Investing in things like education that give everybody a chance to succeed. A tax code that makes sure everybody pays their fair share. And laws that make sure everybody follows the rules. That’s what will transform our economy. That’s what will grow our middle class again. In the end, rebuilding this economy based on fair play, a fair shot, and a fair share will require all of us to see that we have a stake in each other’s success. And it will require all of us to take some responsibility.
It will require parents to get more involved in their children’s education. It will require students to study harder. (Applause.) It will require some workers to start studying all over again. It will require greater responsibility from homeowners not to take out mortgages they can’t afford. They need to remember that if something seems too good to be true, it probably is.
It will require those of us in public service to make government more efficient and more effective, more consumer-friendly, more responsive to people’s needs. That’s why we’re cutting programs that we don’t need to pay for those we do. (Applause.) That’s why we’ve made hundreds of regulatory reforms that will save businesses billions of dollars. That’s why we’re not just throwing money at education, we’re challenging schools to come up with the most innovative reforms and the best results.
And it will require American business leaders to understand that their obligations don’t just end with their shareholders. Andy Grove, the legendary former CEO of Intel, put it best. He said, “There is another obligation I feel personally, given that everything I’ve achieved in my career, and a lot of what Intel has achieved…were made possible by a climate of democracy, an economic climate and investment climate provided by the United States.”
This broader obligation can take many forms. At a time when the cost of hiring workers in China is rising rapidly, it should mean more CEOs deciding that it’s time to bring jobs back to the United States — (applause) — not just because it’s good for business, but because it’s good for the country that made their business and their personal success possible. (Applause.)
I think about the Big Three auto companies who, during recent negotiations, agreed to create more jobs and cars here in America, and then decided to give bonuses not just to their executives, but to all their employees, so that everyone was invested in the company’s success. (Applause.)
I think about a company based in Warroad, Minnesota. It’s called Marvin Windows and Doors. During the recession, Marvin’s competitors closed dozens of plants, let hundreds of workers go. But Marvin’s did not lay off a single one of their 4,000 or so employees — not one. In fact, they’ve only laid off workers once in over a hundred years. Mr. Marvin’s grandfather even kept his eight employees during the Great Depression.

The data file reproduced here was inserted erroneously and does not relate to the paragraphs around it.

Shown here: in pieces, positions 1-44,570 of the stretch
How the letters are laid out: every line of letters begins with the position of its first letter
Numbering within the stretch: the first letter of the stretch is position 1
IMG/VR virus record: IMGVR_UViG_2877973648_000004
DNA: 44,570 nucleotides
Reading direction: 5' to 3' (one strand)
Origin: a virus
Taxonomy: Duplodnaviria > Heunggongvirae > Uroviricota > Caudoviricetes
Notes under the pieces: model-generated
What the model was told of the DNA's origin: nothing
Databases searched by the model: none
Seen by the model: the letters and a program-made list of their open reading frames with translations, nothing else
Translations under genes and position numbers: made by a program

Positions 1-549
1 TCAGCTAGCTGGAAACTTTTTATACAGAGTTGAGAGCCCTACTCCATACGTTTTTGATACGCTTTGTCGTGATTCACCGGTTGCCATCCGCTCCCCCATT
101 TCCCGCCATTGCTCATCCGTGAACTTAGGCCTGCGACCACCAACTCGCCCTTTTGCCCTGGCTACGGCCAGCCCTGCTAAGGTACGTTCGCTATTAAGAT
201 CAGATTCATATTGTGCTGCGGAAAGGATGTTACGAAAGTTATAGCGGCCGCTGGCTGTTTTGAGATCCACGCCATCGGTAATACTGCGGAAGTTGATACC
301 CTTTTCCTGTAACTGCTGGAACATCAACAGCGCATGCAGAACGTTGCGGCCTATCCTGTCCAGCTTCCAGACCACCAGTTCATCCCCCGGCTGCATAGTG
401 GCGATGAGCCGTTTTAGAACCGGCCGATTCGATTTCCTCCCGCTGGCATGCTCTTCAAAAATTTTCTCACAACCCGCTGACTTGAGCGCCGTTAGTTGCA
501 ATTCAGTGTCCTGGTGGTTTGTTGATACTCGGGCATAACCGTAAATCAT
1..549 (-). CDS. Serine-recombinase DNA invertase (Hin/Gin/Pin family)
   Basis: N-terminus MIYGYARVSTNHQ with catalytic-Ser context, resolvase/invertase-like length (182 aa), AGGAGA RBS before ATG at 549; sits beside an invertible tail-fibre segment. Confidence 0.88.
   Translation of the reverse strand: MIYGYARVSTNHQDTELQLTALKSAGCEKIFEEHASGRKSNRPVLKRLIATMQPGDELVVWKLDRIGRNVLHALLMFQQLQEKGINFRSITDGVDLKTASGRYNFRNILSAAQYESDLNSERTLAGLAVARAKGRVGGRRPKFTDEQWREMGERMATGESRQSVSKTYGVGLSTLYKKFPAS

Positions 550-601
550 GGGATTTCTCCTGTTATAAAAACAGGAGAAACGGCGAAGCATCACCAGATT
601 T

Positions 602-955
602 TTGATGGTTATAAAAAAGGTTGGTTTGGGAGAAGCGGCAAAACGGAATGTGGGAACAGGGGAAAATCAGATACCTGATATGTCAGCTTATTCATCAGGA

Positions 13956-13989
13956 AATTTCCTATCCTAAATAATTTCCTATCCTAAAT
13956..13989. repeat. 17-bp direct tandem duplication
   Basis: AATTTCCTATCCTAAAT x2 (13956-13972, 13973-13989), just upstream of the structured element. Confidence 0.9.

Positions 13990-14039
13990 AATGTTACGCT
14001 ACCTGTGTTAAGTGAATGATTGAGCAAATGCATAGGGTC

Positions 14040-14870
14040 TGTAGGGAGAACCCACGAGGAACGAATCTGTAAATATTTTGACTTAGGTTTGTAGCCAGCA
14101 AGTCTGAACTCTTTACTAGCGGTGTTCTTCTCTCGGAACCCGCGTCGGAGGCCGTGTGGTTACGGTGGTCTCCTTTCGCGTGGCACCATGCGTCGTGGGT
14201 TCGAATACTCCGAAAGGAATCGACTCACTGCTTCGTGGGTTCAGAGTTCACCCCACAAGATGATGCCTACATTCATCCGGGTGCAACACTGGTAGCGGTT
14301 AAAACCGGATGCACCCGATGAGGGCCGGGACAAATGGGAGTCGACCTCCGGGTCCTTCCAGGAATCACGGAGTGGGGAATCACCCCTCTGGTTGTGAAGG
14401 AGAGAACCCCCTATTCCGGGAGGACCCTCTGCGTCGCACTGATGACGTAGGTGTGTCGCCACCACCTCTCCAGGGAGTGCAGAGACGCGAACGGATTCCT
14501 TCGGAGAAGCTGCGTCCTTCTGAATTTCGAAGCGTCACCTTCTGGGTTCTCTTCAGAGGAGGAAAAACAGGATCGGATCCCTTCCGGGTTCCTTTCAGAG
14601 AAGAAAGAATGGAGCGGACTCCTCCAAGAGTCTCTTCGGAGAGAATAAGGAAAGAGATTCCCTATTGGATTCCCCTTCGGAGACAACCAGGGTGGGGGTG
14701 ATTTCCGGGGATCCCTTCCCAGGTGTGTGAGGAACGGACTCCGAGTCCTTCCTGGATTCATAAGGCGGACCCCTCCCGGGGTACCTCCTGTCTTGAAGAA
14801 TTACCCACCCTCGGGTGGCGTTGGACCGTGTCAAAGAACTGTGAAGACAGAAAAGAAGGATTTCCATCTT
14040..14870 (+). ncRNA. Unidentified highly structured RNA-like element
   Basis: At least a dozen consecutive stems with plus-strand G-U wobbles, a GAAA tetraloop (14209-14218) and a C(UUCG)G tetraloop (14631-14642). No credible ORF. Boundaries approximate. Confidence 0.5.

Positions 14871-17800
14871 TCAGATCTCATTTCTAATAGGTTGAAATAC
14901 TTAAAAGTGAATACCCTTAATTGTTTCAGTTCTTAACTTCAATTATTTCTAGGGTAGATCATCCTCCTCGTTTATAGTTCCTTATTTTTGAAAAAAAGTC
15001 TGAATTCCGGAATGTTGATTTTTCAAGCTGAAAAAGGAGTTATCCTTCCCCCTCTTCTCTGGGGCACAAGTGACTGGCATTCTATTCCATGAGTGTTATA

Now, at Marvin’s when times get tough, the workers agree to give up some perks and some pay, and so do the owners. As one owner said, “You can’t grow if you’re cutting your lifeblood — and that’s the skills and experience your workforce delivers.” (Applause.) For the CEO of Marvin’s, it’s about the community. He said, “These are people we went to school with. We go to church with them. We see them in the same restaurants. Indeed, a lot of us have married local girls and boys. We could be anywhere, but we are in Warroad.”
That’s how America was built. That’s why we’re the greatest nation on Earth. That’s what our greatest companies understand. Our success has never just been about survival of the fittest. It’s about building a nation where we’re all better off. We pull together. We pitch in. We do our part. We believe that hard work will pay off, that responsibility will be rewarded, and that our children will inherit a nation where those values live on. (Applause.)
And it is that belief that rallied thousands of Americans to Osawatomie — (applause) — maybe even some of your ancestors — on a rain-soaked day more than a century ago. By train, by wagon, on buggy, bicycle, on foot, they came to hear the vision of a man who loved this country and was determined to perfect it.
“We are all Americans,” Teddy Roosevelt told them that day. “Our common interests are as broad as the continent.” In the final years of his life, Roosevelt took that same message all across this country, from tiny Osawatomie to the heart of New York City, believing that no matter where he went, no matter who he was talking to, everybody would benefit from a country in which everyone gets a fair chance. (Applause.)
And well into our third century as a nation, we have grown and we’ve changed in many ways since Roosevelt’s time. The world is faster and the playing field is larger and the challenges are more complex. But what hasn’t changed — what can never change — are the values that got us this far. We still have a stake in each other’s success. We still believe that this should be a place where you can make it if you try. And we still believe, in the words of the man who called for a New Nationalism all those years ago, “The fundamental rule of our national life,” he said, “the rule which underlies all others — is that, on the whole, and in the long run, we shall go up or down together.” And I believe America is on the way up. (Applause.)
Thank you. God bless you. God bless the United States of America.